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Fumiomi Takeda

35 WORKSHOP 3 (Abstr. 674-677) Horticultural Aspects of Phytochemicals in Small Fruits Monday, 24 July, 10:00 a.m.-12:00 noon

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P. Perkins-Veazie

35 WORKSHOP 3 (Abstr. 674-677) Horticultural Aspects of Phytochemicals in Small Fruits Monday, 24 July, 10:00 a.m.-12:00 noon

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Carlo Fallovo, Valerio Cristofori, Emilio Mendoza de-Gyves, Carlos Mario Rivera, Roberto Rea, Simone Fanasca, Cristina Bignami, Youssef Sassine, and Youssef Rouphael

Accurate and nondestructive methods to determine individual leaf areas of plants are a useful tool in physiological and agronomic research. Determining the individual leaf area (LA) of small fruit like raspberry (Rubus idaeus L.), redcurrant (Ribes rubrum L.), blackberry (Rubus fruticosus L.), gooseberry (Ribes grossularia L.), and highbush blueberry (Vaccinium corymbosum L.) involves measurements of leaf parameters such as length (L) and width (W) or some combinations of these parameters. A 2-year investigation was carried out during 2006 (on seven raspberry, seven redcurrant, six blackberry, five gooseberry, and two highbush blueberry cultivars) and 2007 (on one cultivar per species) under open field conditions to test whether a model could be developed to estimate LA of small fruits across cultivars. Regression analysis of LA versus L and W revealed several models that could be used for estimating the area of individual small fruit leaves. A linear model having LW as the independent variable provided the most accurate estimate (highest R 2, smallest mean square error, and the smallest predicted residual error sum of squares) of LA in all small fruit berries. Validation of the model having LW of leaves measured in the 2007 experiment coming from other cultivars of small fruit berries showed that the correlation between calculated and measured small fruit berries LAs was very high. Therefore, these models can estimate accurately and in large quantities the LA of small fruit plants in many experimental comparisons without the use of any expensive instruments.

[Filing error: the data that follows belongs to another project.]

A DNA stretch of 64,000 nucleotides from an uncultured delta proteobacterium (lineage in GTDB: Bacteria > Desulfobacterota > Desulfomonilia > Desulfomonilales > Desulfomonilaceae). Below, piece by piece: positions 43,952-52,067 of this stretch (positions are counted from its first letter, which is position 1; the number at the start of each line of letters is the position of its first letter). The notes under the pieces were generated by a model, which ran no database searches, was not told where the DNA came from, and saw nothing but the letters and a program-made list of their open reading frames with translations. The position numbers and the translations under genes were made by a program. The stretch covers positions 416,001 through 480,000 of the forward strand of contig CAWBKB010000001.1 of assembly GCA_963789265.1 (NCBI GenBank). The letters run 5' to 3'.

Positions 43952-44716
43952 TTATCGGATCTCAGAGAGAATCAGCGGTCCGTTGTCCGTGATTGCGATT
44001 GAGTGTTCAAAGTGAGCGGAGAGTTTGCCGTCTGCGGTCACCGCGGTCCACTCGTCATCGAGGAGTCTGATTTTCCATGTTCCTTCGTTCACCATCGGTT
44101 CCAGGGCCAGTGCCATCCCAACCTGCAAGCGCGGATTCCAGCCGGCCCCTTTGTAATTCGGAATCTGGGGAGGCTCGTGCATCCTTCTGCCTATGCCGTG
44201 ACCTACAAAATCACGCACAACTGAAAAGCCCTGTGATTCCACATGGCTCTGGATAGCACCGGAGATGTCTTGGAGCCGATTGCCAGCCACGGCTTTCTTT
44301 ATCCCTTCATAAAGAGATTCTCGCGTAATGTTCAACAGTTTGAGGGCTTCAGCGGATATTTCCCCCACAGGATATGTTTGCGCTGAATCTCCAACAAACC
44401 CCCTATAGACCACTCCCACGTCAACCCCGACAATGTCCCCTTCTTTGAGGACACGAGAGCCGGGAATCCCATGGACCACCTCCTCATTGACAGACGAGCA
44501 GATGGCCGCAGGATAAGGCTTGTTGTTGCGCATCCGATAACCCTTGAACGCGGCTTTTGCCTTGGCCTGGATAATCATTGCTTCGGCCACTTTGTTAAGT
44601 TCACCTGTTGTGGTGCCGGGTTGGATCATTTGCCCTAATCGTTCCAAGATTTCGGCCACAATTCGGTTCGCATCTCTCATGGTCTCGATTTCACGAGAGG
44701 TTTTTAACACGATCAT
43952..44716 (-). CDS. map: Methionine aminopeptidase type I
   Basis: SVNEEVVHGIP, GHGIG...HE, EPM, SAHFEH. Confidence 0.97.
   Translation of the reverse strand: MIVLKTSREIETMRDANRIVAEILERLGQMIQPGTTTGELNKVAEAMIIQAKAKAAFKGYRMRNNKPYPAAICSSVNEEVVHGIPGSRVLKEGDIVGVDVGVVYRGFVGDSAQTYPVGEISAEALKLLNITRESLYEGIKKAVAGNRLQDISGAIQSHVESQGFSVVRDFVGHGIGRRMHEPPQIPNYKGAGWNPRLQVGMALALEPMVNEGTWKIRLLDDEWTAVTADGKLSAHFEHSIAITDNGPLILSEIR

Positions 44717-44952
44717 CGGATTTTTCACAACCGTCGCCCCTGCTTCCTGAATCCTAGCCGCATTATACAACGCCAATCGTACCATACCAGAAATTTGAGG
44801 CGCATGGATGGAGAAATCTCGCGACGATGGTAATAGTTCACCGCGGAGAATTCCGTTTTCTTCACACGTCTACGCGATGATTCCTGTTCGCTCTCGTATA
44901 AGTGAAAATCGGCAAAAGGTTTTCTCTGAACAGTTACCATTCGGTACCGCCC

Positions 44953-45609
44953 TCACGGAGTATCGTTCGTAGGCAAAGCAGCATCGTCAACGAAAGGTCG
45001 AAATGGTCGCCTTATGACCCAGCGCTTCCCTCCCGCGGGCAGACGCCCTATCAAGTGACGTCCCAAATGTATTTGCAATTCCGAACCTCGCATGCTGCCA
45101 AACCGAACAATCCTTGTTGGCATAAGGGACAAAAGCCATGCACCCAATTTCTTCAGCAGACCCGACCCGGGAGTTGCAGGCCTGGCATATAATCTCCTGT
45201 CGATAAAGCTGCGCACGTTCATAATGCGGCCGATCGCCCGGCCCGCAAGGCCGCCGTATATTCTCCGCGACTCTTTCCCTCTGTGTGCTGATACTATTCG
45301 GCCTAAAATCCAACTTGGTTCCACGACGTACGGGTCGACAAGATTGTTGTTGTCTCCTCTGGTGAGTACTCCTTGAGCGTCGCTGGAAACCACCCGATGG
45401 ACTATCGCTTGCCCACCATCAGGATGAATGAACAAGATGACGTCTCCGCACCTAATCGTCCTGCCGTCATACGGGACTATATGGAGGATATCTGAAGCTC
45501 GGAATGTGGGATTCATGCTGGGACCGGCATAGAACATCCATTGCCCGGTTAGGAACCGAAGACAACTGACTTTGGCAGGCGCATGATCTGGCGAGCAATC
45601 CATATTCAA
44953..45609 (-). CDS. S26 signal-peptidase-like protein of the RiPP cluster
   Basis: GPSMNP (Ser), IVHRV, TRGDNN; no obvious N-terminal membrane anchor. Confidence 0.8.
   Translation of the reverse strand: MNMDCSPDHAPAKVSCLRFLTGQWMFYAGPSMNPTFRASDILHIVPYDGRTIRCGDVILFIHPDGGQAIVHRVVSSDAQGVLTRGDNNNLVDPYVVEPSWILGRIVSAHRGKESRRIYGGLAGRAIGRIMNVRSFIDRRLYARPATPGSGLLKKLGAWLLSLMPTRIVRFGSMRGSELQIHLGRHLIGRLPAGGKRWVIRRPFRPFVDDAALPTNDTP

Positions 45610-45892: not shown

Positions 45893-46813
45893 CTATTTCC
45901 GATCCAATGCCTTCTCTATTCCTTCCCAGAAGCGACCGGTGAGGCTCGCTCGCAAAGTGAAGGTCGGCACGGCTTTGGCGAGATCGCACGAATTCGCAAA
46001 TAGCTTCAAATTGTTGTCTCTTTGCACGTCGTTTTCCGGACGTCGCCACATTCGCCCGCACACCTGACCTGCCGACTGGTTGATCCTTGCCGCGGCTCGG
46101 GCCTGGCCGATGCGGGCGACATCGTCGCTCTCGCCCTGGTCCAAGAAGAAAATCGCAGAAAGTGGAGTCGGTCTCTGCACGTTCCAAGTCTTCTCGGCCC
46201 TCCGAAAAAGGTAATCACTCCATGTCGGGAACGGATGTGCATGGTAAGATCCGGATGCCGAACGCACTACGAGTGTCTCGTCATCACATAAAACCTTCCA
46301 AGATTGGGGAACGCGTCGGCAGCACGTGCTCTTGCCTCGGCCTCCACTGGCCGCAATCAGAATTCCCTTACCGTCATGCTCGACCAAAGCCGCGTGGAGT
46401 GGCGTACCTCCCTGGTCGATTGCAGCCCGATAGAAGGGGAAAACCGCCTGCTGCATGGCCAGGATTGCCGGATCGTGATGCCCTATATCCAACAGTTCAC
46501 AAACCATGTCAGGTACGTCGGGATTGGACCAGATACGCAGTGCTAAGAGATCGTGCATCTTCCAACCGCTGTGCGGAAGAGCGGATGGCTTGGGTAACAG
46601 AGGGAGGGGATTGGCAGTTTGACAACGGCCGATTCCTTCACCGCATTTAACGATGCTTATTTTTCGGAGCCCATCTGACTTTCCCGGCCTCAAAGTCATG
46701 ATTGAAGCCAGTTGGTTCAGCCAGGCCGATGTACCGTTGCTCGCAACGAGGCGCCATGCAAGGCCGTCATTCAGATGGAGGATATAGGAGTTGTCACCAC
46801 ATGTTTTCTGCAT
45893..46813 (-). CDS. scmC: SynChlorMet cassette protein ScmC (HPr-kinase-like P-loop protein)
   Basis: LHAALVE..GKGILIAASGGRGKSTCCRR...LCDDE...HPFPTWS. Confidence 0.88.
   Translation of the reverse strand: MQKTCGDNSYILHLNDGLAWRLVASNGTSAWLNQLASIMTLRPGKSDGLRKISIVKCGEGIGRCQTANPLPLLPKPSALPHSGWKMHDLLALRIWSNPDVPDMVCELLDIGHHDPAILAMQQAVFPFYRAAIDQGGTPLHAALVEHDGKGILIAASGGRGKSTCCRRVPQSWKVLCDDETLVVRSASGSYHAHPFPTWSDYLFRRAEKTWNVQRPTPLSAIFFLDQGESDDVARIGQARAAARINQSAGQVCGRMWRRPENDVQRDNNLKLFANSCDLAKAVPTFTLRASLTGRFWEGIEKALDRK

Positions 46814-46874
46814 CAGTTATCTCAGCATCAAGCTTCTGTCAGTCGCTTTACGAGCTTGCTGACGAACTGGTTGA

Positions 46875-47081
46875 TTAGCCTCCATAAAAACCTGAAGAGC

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Shiow Y. Wana, John L. Maas, and Gene J. Galletta

Ellagic acid, a putative anticarcinogenic compound, was detected in plants of mayhaw (Crataegus spp.), false strawberry (Duchesnea indica), strawberry (Fragaria spp.), black currant (Ribes nigrum), thornless blackberry (Rubus subgenus Eubatus), red raspberry (Rubus subgenus Idaeobatus), and cranberry (Vaccinium macrocarpon). Large differences in ellagic acid contents have been found among species and cultivars and also among tissues. Ellagic acid content in plant tissues is also affected by environmental factors and shows a seasonal variation in strawberry leaves. A decrease in ellagic acid content of leaves was associated with seasonal decreases in photoperiod and temperature from September to December. Ellagic acid content in the leaves of red raspberry infected with orange rust showed more than a 3-fold increase compared to healthy leaves.

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Chrislyn A. Drake and John R. Clark

Primocane-fruiting blackberry (Rubus subgenus Rubus Watson) selections have recently been developed by the University of Arkansas, but proper cane-management practices for the new germplasm have not yet been determined. It was observed in previous trials that primocane-fruiting selections flowered and fruited in late July and early August in Arkansas, which is often the hottest part of the summer and earlier than desired. Therefore, this study was conducted to determine the effects of primocane tipping on cane and fruit characteristics and to determine the effect of floricane presence on primocane performance. In Fayetteville, one-year-old plants of selections APF-8 and APF-12 were used to apply the four primocane-tipping treatments in combination with the two cane management treatments (presence or absence of floricanes). In Clarksville, the same genotypes were used to apply the two cane management treatments (presence or absence of floricanes). The tipping treatments had a significant effect on primocane yield and peak harvest as well as other parameters. The cane management treatments had a significant effect on total yield, but no other effects.

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James M. Spiers

In a field study, `Gulfcoast' southern highbush blueberry plants were subjected to irrigation [7.5 L (low) or 30 L per week (high)], mulching (none or 15 cm depth), row height (level or raised 15 cm), and soil-incorporated peatmoss (none or 15 L in each planting hole) treatments, in a factorial arrangement, at establishment. Plants were grown on a well-drained fine sandy loam soil that contained <1.0% organic matter. Plant volume and fruit yield were greater with mulching, high irrigation, incorporated peatmoss, and level beds. Plants grown with the combination of mulching, level beds, incorporated peatmoss, and high irrigation levels yielded 2.4 kg per plant or approximately eight times as much as plants grown without mulch, with raised beds, without peatmoss, and with the low rate of irrigation. Of the four establishment practices evaluated, mulching had the greatest influence on plant growth and fruiting.

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John R. Clark and Penelope Perkins-Veazie